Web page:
What this new study concludes is that the person giving the act of kindness is also helped. The participants were split into three groups. One group was required to carry out kind acts for others twice a week for ten weeks; a second group participated in planned social activities; and the third group were subject to a cognitive behaviour technique known as cognitive reappraisal. This involves the person being helped to recognise when their thoughts follow negative patterns and to make the thoughts more positive. As for the kind acts, they included things like baking biscuits for friends, offering lifts to people and writing notes of encouragement for housemates.

For those in the ‘kind acts’ group there was a greater improvement in depressive symptoms than for those in the other two groups. Dr David Gregg who led the study concludes, “Something as simple as helping other people can go above and beyond other treatments in helping people deal with depression and anxiety.” His colleague, Dr Jennifer Cheavers added, “We often think that people with depression have enough to deal with, so we don’t want to burden them by asking them to help others. But these results run counter to that. Doing nice things for people and focussing on the needs of others may actually help people with depression and anxiety feel better about themselves.”

After all, Jesus did not send individuals to preach the Good News but pairs, and he told them to accept the gifts they were offered. (Luke 10) So let’s not wait till we are depressed, or they are depressed, but get on our feet and walk a little way alongside our friends and family members, or invite them to tea; to cheer them up, and get out of our own head for a while.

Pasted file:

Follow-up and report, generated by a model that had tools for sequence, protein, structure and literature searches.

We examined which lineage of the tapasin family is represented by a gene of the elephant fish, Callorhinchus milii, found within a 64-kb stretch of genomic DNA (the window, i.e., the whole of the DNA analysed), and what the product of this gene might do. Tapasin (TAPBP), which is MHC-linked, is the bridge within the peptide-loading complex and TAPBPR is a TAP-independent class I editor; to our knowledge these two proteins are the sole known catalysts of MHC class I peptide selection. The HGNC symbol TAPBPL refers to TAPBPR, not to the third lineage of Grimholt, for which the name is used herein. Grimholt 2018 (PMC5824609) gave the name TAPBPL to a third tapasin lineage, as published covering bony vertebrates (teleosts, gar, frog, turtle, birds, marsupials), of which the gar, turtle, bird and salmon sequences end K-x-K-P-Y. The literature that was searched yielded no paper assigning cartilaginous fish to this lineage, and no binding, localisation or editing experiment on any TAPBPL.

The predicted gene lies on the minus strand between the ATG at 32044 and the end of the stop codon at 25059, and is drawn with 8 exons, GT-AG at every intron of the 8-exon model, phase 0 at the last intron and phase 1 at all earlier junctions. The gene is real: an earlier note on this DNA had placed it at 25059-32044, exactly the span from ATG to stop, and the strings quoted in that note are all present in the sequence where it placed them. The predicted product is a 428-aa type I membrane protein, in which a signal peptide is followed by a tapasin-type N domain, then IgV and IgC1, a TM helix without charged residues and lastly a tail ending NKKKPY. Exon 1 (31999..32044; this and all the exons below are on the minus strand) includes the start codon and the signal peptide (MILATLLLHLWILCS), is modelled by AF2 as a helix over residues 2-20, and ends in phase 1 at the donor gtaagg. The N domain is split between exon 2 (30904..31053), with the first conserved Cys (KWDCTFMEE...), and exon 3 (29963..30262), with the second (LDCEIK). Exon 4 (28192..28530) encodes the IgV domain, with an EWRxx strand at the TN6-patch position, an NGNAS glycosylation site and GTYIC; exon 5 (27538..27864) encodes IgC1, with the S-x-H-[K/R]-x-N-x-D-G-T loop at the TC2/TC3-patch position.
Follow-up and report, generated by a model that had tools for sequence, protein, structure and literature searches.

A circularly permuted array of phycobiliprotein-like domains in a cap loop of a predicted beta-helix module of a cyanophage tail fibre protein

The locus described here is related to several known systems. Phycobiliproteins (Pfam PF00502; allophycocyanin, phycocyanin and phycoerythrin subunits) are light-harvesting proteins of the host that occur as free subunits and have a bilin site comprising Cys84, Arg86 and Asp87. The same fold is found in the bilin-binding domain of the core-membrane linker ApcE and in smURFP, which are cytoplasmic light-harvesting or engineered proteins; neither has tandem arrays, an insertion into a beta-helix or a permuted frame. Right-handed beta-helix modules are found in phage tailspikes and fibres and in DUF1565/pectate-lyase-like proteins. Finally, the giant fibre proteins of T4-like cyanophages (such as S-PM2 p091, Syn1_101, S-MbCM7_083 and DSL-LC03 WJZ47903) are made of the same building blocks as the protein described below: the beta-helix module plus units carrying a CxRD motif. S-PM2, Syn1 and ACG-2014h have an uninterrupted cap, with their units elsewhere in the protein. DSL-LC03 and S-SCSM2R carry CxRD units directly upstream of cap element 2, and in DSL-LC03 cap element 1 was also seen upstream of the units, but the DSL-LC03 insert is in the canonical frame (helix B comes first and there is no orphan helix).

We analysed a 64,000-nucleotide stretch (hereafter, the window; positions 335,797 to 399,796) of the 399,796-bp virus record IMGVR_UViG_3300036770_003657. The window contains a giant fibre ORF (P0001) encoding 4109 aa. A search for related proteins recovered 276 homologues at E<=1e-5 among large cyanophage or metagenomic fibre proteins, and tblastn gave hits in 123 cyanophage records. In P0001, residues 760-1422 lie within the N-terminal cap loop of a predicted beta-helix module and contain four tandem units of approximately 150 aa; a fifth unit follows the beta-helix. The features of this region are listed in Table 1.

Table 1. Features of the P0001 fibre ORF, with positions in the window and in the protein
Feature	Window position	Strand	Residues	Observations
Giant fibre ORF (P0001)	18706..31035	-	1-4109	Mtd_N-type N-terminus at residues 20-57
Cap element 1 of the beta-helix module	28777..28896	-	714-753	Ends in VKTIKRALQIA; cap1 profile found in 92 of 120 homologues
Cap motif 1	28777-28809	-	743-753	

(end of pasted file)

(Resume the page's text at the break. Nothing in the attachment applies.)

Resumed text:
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5 March, Lenten Pilgrimage II: down to the sea in ships.

They that go down to the sea in ships, that do business in great waters;
These see the works of the Lord, and his wonders in the deep.
For he commandeth, and raiseth the stormy wind, which lifteth up the waves thereof.
They mount up to the heaven, they go down again to the depths: their soul is melted because of trouble.
They reel to and fro, and stagger like a drunken man, and are at their wit's end.
Then they cry unto the Lord in their trouble, and he bringeth them out of their distresses.
He maketh the storm a calm, so that the waves thereof are still.
Then are they glad because they be quiet; so he bringeth them unto their desired haven.

Oh that men would praise the Lord for his goodness, and for his wonderful works to the children of men!
Let them exalt him also in the congregation of the people, and praise him in the assembly of the elders.

Psalm 107:23-31.

This Lent we will be sharing reflections on the rather loose theme of ‘Pilgrimage’.

The description of the merchants on a storm-tossed ship will resonate with anyone caught in a Channel gale, held outside the walls of Dover Harbour until our ferry could safely enter. The ships in biblical times were smaller than those monsters, smaller even than this Cal-Mac ferry to the Scottish Islands, seen here in her ‘desired haven’, her home port of Mallaig. These ferries venture out in all weathers, as a friend and I found many years ago. We were crossing from Gourock to Dunoon; the waves were crashing around the quay, but there was a small army of workers on their way to the Navy depot on Loch Long. Their calm meant we were not at our wits’ end for long.